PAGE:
I secured a role working for the NHS in administration and also became a volunteer on a crisis helpline.
I remember being interviewed for the telephone role and I was asked if I had any personal history of mental health. I began explaining what had happened, “I don’t understand why any child would keep abuse a secret”, was my interviewers response. “Wow!” Not a great start I thought. Thankfully, this person was the exception and my colleagues on the helpline were a tremendous group of people.
Shortly after this I saw an article in the local paper regarding a community group looking for volunteers to help with a support group for adult survivors.
The group was called, HEAL (Helping Everyone Abused Live) and was kindly given the use of a room by the local MIND. At that time it may have been the first and only group in the UK to work with men and women together, regardless of the the type of abuse suffered. I called, an interview was arranged and I was taken on.
HEAL, Helping Everyone Abuse Live
The first meeting was very memorable, I was the only man in the room with about 5 women and was viewed with a huge amount of suspicion and even a little hostility. “Why do you want to volunteer?”; I was challenged immediately, when I said that I had been abused myself, the atmosphere changed completely. “It must have been worse for you, being a man” was the response. “Not worse, but maybe different”, I responded.
HEAL offered a weekly support group where people came and shared what was happening with them and how they felt. For a number of reasons, the Co-ordinator left and we held a crisis meeting. It was put to me; “Unless you can take it on, the group will have to fold”. I had never trained in group work or led many sessions, but couldn’t see these survivors left with no support, so I took on the role.
The first thing I did was to ask the members what they wanted and needed.They felt the weekly support group was not working and that they wanted to have some direction and focus to the sessions. Jointly, we set up a monthly schedule, with different activities such as discussion groups on topics decided on by the members. Over time this gradually developed into more and more structured workshops and the open support group was actually dropped by the members themselves.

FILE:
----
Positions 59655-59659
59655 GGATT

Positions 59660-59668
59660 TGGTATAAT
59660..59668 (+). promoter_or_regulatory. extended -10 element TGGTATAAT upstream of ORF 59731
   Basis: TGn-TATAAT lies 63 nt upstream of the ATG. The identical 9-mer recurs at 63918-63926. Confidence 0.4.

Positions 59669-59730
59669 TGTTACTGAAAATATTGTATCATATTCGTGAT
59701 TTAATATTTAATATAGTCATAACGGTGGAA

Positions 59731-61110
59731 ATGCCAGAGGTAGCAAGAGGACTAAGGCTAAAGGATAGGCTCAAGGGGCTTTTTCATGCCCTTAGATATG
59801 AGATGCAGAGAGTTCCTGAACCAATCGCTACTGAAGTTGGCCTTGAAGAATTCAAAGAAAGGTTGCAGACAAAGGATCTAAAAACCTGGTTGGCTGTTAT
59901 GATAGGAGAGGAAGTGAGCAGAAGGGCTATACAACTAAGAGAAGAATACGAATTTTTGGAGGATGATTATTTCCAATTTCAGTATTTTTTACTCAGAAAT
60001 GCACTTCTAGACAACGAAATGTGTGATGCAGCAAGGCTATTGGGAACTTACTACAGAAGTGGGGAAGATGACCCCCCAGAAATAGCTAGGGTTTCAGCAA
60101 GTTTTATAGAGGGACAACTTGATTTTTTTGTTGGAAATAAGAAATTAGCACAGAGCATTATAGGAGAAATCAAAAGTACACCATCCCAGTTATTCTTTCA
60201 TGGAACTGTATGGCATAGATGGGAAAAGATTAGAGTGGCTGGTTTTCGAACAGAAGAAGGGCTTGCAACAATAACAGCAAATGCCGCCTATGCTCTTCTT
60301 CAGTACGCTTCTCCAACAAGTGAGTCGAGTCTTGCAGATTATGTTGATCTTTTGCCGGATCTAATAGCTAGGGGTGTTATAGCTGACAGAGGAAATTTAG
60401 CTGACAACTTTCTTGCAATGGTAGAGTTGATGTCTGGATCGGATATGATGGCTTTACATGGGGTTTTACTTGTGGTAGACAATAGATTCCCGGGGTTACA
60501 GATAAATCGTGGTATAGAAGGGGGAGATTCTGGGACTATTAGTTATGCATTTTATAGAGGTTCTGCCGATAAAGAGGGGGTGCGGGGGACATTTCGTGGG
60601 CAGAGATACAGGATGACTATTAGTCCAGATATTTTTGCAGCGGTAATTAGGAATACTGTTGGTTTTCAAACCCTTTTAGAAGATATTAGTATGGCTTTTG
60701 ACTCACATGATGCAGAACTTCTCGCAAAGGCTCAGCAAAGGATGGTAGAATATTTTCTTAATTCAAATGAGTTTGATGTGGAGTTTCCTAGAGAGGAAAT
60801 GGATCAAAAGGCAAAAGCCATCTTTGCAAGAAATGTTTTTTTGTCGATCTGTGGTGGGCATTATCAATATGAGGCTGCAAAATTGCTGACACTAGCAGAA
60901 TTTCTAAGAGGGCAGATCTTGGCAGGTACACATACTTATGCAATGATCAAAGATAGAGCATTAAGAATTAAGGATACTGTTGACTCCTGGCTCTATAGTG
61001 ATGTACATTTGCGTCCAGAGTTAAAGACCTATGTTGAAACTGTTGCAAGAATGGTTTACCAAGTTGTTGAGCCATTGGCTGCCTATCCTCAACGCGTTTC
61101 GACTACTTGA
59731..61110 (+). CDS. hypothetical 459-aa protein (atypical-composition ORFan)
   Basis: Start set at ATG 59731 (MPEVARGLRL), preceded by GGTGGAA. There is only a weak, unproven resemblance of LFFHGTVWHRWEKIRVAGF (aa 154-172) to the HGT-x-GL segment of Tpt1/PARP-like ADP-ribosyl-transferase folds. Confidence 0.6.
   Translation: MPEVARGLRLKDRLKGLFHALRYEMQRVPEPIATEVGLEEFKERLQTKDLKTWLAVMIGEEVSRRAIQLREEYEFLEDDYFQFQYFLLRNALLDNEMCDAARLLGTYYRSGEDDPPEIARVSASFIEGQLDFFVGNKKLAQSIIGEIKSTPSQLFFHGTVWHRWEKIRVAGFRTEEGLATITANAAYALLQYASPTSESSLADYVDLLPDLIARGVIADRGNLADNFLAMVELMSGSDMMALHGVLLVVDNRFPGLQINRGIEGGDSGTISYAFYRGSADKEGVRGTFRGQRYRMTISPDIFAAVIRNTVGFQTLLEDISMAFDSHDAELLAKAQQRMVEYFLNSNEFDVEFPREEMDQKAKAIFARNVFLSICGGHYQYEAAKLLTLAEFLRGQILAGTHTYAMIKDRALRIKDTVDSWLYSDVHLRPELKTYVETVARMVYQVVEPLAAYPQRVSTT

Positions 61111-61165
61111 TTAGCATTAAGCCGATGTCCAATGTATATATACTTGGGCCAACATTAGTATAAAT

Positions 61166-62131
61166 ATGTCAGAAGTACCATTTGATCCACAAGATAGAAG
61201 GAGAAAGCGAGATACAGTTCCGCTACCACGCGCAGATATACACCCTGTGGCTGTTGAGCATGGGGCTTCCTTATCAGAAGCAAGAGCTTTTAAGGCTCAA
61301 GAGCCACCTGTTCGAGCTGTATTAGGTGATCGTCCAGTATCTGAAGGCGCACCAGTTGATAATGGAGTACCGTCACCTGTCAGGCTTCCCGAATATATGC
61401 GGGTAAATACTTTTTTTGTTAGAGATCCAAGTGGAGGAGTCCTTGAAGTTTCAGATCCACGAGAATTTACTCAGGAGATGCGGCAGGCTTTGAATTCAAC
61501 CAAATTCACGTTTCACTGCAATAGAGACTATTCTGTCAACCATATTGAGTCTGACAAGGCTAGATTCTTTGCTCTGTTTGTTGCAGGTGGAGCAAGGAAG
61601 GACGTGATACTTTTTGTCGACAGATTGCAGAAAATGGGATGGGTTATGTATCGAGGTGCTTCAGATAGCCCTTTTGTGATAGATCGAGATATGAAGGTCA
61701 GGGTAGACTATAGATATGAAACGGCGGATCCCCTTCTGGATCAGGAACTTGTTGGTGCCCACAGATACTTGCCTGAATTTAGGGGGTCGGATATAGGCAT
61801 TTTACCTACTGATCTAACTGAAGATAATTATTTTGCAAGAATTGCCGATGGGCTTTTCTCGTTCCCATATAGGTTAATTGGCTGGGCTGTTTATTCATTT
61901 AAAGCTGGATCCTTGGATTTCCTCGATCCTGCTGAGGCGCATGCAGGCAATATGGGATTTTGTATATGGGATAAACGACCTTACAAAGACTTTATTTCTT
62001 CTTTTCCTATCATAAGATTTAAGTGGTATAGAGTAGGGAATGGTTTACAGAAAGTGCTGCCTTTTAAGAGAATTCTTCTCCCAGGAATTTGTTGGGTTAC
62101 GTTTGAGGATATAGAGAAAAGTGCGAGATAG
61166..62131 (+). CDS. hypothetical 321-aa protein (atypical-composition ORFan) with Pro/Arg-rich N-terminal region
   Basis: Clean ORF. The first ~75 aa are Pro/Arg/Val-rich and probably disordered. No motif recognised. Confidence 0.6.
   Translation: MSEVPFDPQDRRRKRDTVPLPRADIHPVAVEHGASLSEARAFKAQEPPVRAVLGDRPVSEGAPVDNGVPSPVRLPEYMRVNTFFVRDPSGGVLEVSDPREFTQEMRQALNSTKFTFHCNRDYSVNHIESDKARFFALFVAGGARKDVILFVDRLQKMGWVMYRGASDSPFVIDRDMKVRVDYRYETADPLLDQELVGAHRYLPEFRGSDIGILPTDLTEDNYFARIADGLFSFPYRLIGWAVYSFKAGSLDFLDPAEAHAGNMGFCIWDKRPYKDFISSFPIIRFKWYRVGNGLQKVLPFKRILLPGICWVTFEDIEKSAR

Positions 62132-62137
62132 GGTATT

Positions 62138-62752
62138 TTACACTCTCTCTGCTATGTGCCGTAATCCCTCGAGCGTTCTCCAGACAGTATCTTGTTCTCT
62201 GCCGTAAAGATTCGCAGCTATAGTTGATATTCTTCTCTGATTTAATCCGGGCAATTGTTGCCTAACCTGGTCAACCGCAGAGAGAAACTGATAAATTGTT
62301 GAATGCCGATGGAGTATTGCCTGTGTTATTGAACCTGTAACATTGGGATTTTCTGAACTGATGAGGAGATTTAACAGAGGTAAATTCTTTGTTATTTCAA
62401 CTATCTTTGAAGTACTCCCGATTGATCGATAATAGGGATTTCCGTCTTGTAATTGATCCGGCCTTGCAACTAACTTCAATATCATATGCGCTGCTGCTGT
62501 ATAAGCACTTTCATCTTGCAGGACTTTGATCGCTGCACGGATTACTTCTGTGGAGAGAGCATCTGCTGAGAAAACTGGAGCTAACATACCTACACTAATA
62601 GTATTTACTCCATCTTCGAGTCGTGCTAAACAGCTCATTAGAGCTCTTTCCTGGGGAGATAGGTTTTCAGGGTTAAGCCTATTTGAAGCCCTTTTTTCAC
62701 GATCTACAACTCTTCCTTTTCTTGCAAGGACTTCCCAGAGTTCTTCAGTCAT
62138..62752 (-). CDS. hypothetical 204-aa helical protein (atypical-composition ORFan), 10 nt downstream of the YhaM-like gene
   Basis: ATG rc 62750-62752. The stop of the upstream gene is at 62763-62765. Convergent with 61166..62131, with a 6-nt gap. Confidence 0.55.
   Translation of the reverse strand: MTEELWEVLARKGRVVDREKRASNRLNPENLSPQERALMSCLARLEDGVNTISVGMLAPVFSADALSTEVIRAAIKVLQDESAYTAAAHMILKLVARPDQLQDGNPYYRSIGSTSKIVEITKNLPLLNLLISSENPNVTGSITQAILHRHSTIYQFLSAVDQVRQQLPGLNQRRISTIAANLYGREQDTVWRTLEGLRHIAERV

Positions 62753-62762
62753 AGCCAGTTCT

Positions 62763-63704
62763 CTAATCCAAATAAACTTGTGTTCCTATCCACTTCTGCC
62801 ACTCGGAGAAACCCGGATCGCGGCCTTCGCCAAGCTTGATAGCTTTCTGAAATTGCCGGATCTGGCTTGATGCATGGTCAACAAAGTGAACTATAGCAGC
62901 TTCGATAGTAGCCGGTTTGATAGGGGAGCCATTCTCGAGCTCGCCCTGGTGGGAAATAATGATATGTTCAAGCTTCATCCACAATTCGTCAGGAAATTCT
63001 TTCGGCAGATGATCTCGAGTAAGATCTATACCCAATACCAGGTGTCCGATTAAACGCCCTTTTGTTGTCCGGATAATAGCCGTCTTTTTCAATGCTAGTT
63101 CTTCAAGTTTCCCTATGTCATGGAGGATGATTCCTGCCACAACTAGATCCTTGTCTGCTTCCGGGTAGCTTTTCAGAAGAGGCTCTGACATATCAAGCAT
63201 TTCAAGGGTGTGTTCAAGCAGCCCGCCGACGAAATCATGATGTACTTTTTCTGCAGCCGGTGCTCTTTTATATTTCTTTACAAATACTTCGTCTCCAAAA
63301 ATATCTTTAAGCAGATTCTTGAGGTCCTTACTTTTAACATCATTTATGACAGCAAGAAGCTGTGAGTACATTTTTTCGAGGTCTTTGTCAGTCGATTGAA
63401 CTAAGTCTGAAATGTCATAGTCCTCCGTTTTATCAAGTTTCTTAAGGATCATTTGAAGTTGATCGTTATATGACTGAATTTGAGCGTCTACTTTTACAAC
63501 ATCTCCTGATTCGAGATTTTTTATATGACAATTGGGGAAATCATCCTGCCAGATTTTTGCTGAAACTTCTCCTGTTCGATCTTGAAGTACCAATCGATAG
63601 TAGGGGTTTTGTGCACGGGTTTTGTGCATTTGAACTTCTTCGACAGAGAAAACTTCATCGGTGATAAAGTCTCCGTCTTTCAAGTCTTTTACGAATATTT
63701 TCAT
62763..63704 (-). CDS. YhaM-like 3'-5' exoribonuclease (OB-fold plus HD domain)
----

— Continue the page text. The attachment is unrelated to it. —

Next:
We struggled with low numbers for sometime, then suddenly, numbers began to increase and at times we would not have enough chairs, with people needing to sit on tables. Now men came as well and we were working at maximum capacity.
We needed to make the decision to expand. We became a registered charity, secured more funding and opened our own premises.
Tudor House, the home of HEAL
Momentum continued to gather; we were now also actively involved in training staff from other agencies in working with survivors.We went from one group a week to four, which included a drop in, a Carers/Supporters Group and a Creative group, which culminated in having our own exhibition.
We now had a 2 year waiting list to join our groups, with nearly 120 people on it at anyone time.
HEAL Creative Exhibition, Colchester 2006
HEAL Creative Exhibition, Colchester 2006
…and paraphrasing, the immortal words of Ernie Wise, here’s a poem “what I wrote” for the exhibition:
Personally, my life was also about to change, as I discovered I was going to be a father!
Worldwide, approximately 40 million children below the age of 15 are subjected to child abuse each year.
(World Health Organization (WHO) 2001)
I started training to become a therapist, but felt a fraud. Could someone as damaged as I had been really become a counsellor or psychotherapist? The old feelings of not being good enough started to creep back in and undermine me. Despite all the positive feedback I had from the tutors I had nagging doubts which I took to my counsellor. He said he saw the qualities I needed in me and that even if I couldn’t trust myself, maybe, I could trust the trust others had in me. So I borrowed that for a while and continued.
I felt I needed to talk to one of my tutors openly about my reservations and doubts about myself. I disclosed my abuse and ongoing battle with the depression and OCD. The tutor said these issues should not prevent me becoming a therapist and that he had had the same history and conditions. For a while a huge weight was taken off my shoulders, I could do this I started to say to myself. I completed my 2 year Psychotherapy Certificate with a merit.